After spending the last six weeks in Germany close to family and friends, we have realized one thing: our travel style is about to change radically!
No, no – we are not settling down – not for a long time! But with two baby nieces and a nephew on the way, we know that we want to instill a love of travel in the family’s next generation, so we are are already pondering where in Europe we’ll be taking them on family vacations as soon as they are old enough to start traveling with their Aunties! Instead of taking them on a plane just yet, we will be taking advantage of the relative proximity of Germany’s neighboring countries, all of which offer their own benefits for travel with kids – in Austria, we can introduce them to the mountains, in Italy they’ll get to know what real gelato tastes like and in Romania we can show them what old-fashioned village life in Eastern Europe looks like.
But first, we will take them to France! We both just love France, and when we lived in London, we took weekend breaks to the City of Love several times, as it was conveniently only 2-hours away on the Eurostar high speed train. There is just something about sitting in a street café in Paris sipping a café au lait, picking up a fresh baguette at a boulangerie and some sweet pastries at a patisserie, go to the fromagerie for fresh cheese and have a picnic in the park or strolling through the food and vegetable markets in the Marais neighborhood. That stuff is only fun for grown-ups, though, we know that. That’s why we are re-evaluating and looking at ways to have fun their with the kids as well.
A few days in Paris will be the perfect introduction to a country that is not too different to what they’re used to and close enough to be able to drive there.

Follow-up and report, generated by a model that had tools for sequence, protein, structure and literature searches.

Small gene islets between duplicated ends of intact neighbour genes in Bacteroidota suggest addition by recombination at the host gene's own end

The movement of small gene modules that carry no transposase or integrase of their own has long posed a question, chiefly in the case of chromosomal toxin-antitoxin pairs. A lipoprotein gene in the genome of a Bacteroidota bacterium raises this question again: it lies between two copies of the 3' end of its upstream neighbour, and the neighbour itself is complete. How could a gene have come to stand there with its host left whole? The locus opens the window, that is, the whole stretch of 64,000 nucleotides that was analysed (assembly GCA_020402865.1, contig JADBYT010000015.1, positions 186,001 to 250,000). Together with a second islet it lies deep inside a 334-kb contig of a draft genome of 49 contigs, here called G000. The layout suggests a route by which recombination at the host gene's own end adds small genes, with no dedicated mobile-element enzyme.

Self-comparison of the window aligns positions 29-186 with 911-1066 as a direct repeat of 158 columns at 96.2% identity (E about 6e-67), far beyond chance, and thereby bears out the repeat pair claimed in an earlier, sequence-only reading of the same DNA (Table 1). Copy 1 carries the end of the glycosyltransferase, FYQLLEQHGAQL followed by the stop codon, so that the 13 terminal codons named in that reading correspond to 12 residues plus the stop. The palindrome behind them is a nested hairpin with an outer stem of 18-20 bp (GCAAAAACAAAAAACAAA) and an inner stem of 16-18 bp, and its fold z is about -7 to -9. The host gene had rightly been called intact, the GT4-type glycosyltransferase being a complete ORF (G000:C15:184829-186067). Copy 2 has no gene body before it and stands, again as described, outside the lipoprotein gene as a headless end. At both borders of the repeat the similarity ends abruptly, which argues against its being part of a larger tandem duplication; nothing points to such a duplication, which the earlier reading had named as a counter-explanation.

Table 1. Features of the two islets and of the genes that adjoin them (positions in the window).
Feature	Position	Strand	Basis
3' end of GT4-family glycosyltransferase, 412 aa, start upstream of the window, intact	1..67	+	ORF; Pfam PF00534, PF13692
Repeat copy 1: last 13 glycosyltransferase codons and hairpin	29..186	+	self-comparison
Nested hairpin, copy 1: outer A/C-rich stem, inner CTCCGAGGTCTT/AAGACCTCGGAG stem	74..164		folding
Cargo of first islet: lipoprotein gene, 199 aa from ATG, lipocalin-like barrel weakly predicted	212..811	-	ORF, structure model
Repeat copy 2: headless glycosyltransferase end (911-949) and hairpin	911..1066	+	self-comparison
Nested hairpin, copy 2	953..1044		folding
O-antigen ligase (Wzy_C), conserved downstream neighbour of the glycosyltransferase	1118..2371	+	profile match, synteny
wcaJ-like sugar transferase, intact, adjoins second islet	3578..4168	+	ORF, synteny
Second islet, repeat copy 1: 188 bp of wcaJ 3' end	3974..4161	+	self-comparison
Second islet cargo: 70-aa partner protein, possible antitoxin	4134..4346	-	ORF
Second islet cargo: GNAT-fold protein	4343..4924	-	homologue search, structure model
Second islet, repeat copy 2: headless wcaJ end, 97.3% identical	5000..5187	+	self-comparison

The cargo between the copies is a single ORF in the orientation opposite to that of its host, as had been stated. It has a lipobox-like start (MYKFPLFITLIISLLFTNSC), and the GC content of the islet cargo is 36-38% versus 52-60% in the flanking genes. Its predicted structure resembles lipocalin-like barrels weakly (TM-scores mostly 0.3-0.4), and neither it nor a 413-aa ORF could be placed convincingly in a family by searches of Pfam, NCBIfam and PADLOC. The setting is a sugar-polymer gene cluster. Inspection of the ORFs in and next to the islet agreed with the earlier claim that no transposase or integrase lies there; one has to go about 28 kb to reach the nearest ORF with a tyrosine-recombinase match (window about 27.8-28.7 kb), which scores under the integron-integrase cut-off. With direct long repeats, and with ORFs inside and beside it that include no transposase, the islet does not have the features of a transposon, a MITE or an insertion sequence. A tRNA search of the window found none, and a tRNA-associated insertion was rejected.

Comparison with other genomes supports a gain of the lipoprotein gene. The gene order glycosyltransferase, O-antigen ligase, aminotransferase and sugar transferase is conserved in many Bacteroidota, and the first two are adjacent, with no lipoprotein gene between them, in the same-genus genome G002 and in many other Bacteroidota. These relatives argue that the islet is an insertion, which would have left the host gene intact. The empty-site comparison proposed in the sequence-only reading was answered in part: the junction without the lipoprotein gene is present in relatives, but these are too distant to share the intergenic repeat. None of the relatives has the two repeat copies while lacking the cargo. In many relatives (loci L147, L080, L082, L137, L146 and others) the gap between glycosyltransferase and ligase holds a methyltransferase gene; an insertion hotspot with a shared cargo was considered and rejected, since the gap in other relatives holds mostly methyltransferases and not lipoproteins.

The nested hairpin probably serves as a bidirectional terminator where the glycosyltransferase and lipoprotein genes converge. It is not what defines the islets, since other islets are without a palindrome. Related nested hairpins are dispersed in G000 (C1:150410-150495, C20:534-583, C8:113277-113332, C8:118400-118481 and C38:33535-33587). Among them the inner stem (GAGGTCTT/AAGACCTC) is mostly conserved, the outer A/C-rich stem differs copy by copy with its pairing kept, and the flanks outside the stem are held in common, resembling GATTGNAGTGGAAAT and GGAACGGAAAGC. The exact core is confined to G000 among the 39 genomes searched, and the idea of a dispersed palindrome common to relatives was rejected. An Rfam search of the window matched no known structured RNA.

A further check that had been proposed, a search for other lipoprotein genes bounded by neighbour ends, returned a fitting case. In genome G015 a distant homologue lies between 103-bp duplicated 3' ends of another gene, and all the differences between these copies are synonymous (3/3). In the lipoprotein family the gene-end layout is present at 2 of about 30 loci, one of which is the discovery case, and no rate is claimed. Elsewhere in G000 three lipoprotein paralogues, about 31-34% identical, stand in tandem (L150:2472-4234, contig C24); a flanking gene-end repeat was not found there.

The most obvious destination for Paris holidays with kids is of course Disneyland, where they will meet Mickey and Minnie and experience their first roller coasters! Many Disney Park lovers claim that it’s the second best Disney Resort in the world! It’s only 30 minutes from Paris, and the TGV train stops right in front of the gate of the resort, so there is no excuse not to take the kids there on a trip to Paris.
Our tips for visiting Disneyland Paris: Take at least two days to explore Disneyland – you could obviously spend much more time there, but trying to cram everything into one day will cause unnecessary stress. We are planning to go just before the girls go to school, so that we can take advantage of non-vacation times. The park can get pretty packed in the summer months, but May or September are ideal times to visit. And if you have limited time, skip the Disneyland Studios and head only to the Theme Park.
While Paris itself – one of the most visited cities in the world, known for its crowds and long waiting times at tourist attractions – might not seem like a good idea with two little girls, it is actually a very kid-friendly destination with plenty of attractions to keep children entertained, and will show us grown-ups a completely different side of the city.